The Secretary of the Navy Authorized enlistment of slaves as Union sailors, Â September 25, 1861
The Union Navy began to employ African American men on board ships as crew members and sailors very early in the war. And as the war progressed, blockading squadrons and naval vessels also took on board numerous “contraband” slaves who managed to escape from land to sea.
By 1863, the Union navy was enlisting and actively recruiting runaway slaves as crewmembers or paid sailors, usually at the low rank of “landsman.” By the end of the war nearly 20,000 black sailors had enlisted, a figure which represented nearly 20 percent of the navy’s enlisted men. The majority of these black sailors were men who had been enslaved but seized naval service as a route to freedom.Â Continue reading
1866 – The Georgia Equal Rights Association First organized.
1867 – The Georgia Equal Rights Association met in Macon.
Its primary goal was to encourage blacks to register and vote on a new state constitution.
Garrett A. Morgan (1875-1963), inventor; Â born in Paris, Tenn.
Morgan developed his first invention, a belt fastener for sewing machines, in 1901, and he sold it for $150. In 1914 he won the First Grand Prize gold medal at the Second International Exposition of Sanitation and Safety for his breathing helmet and smoke protector (prototype to the gas mask).
In 1916 he demonstrated the use of this device in the rescue operation following an explosion in a tunnel at the Cleveland Waqterworks that trapped many men below Lake Erie. In 1923, Morgan developed an automatic stop sign to aid the movement of traffic, selling the rights to this invention to General Electric for $40,000.
At the Emancipation Centennial Celebration in Chicago, Illinois, in August 1963, Morgan was nationally recognized. Although in ill-health, and nearly blind, he continued to work on his inventions; one of his last was a self-extinguishing cigarette, which employed a small plastic pellet filled with water, placed just before the filter.
Constance Baker Motley was born in New Haven, Connecticut in 1921. She received her bachelor’s degree from New York University in 1943, and graduated from the prestigious Columbia Law School in 1946.
Motley began her legal career as Thurgood Marshall’s law clerk at the NAACP Legal Defense and Education Fund, working at the forefront of the civil rights movement. In 1961, she became theÂ first African-American woman to argue a case before the US Supreme Court,Â Hamilton v. State of Alabama,Â (1961). Although she lost her first case, Motley went on to argue before the Court nine more times, winning all nine cases.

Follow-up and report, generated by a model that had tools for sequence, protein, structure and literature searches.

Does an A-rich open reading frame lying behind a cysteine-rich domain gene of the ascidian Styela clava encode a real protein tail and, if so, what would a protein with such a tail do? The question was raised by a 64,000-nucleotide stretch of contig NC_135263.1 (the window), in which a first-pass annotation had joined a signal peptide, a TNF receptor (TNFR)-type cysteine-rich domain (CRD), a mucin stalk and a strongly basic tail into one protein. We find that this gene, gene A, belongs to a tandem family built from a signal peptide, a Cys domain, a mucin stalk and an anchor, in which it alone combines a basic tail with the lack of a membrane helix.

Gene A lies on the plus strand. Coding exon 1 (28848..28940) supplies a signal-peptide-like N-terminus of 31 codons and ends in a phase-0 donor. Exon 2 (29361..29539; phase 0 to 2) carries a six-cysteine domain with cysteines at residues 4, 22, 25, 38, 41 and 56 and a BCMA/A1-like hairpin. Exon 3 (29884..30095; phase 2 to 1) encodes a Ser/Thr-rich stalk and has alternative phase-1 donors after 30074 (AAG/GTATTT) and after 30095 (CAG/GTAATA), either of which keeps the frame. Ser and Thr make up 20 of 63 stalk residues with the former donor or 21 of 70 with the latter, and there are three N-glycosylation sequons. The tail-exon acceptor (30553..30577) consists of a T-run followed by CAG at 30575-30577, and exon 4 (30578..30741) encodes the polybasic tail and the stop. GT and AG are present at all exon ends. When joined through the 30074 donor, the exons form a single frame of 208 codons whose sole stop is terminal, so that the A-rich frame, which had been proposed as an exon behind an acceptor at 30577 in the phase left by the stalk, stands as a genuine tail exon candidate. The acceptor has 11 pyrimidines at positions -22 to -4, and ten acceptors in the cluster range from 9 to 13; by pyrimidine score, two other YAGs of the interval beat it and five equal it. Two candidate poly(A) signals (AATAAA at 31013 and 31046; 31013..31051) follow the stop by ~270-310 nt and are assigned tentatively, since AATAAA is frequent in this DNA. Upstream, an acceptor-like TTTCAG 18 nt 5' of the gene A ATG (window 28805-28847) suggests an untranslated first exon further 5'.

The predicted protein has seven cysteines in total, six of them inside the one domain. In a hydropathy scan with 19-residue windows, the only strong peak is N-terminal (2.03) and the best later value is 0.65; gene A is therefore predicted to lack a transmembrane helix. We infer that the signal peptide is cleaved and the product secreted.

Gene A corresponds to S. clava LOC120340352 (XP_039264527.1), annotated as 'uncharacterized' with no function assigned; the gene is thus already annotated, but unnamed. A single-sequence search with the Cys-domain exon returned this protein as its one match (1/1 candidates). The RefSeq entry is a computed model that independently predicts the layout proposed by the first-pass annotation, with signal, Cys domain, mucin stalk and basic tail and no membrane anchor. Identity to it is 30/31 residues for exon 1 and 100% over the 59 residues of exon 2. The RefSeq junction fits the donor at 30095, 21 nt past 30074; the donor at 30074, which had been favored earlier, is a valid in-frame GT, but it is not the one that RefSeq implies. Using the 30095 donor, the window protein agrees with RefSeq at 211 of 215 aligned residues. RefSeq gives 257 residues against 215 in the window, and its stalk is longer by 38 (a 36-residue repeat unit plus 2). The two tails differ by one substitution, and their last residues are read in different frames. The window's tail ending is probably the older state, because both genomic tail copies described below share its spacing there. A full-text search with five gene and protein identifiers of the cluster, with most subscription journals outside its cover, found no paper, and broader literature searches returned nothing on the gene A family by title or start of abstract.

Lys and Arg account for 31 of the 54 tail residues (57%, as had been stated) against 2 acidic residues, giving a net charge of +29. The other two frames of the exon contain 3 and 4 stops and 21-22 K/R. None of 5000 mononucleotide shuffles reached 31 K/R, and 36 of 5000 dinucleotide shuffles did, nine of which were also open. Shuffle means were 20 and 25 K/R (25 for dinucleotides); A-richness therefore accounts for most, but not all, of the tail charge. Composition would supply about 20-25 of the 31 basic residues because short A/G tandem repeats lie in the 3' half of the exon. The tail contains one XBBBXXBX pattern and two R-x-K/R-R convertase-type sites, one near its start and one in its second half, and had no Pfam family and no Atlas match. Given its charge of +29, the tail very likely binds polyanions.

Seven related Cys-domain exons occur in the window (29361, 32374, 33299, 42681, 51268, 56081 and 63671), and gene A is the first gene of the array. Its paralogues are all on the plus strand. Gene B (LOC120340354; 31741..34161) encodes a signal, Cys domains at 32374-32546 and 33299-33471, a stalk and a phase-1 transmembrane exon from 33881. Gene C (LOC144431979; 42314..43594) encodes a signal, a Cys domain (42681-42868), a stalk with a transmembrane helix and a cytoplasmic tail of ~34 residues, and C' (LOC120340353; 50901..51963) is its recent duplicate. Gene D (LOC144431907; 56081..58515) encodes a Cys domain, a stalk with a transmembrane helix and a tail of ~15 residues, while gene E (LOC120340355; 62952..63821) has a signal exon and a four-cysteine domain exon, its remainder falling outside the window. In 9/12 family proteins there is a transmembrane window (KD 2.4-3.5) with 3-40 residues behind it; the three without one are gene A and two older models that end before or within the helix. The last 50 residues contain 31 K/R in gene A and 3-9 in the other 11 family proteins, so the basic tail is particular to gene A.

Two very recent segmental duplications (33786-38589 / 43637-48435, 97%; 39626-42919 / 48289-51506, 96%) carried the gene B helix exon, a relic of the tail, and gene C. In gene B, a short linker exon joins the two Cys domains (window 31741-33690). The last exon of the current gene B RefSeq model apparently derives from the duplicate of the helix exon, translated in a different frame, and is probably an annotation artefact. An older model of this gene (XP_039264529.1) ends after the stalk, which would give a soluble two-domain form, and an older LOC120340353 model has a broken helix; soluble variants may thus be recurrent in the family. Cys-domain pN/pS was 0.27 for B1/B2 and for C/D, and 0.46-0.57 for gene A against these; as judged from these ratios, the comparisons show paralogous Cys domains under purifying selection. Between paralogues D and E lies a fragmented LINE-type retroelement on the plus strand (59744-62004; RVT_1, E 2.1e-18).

Motley had other firsts in her long and distinguished career: in 1964 she became the first African-American woman in the New York State Senate; in 1965 she became the first woman (of any race) elected President of the Manhattan Borough; Continue reading
Violette N. Anderson was born July 16, 1882, in London, England. She and her parents, Richard and Marie Neatley, emigrated to the United States while Violette was a young girl, settling in Chicago. Violette graduated from Chicago’s North Division High School in 1899, then worked as a court reporter from 1905-1920.
She was fascinated by law and determined to become an attorney herself. She attended post-secondary school at the Chicago Seminar of Sciences from 1912-1915, and earned her LLB (a more advanced law degree than the typical JD) from Chicago Law School in 1920.
Violette Neatley Anderson became the first female Chicago City prosecutor in 1922, then established a successful legal practice in the Chicago area two years later. On January 29, 1926, she became theÂ first African-American woman admitted to the US Supreme Court bar, but never argued a case before the Court. Continue reading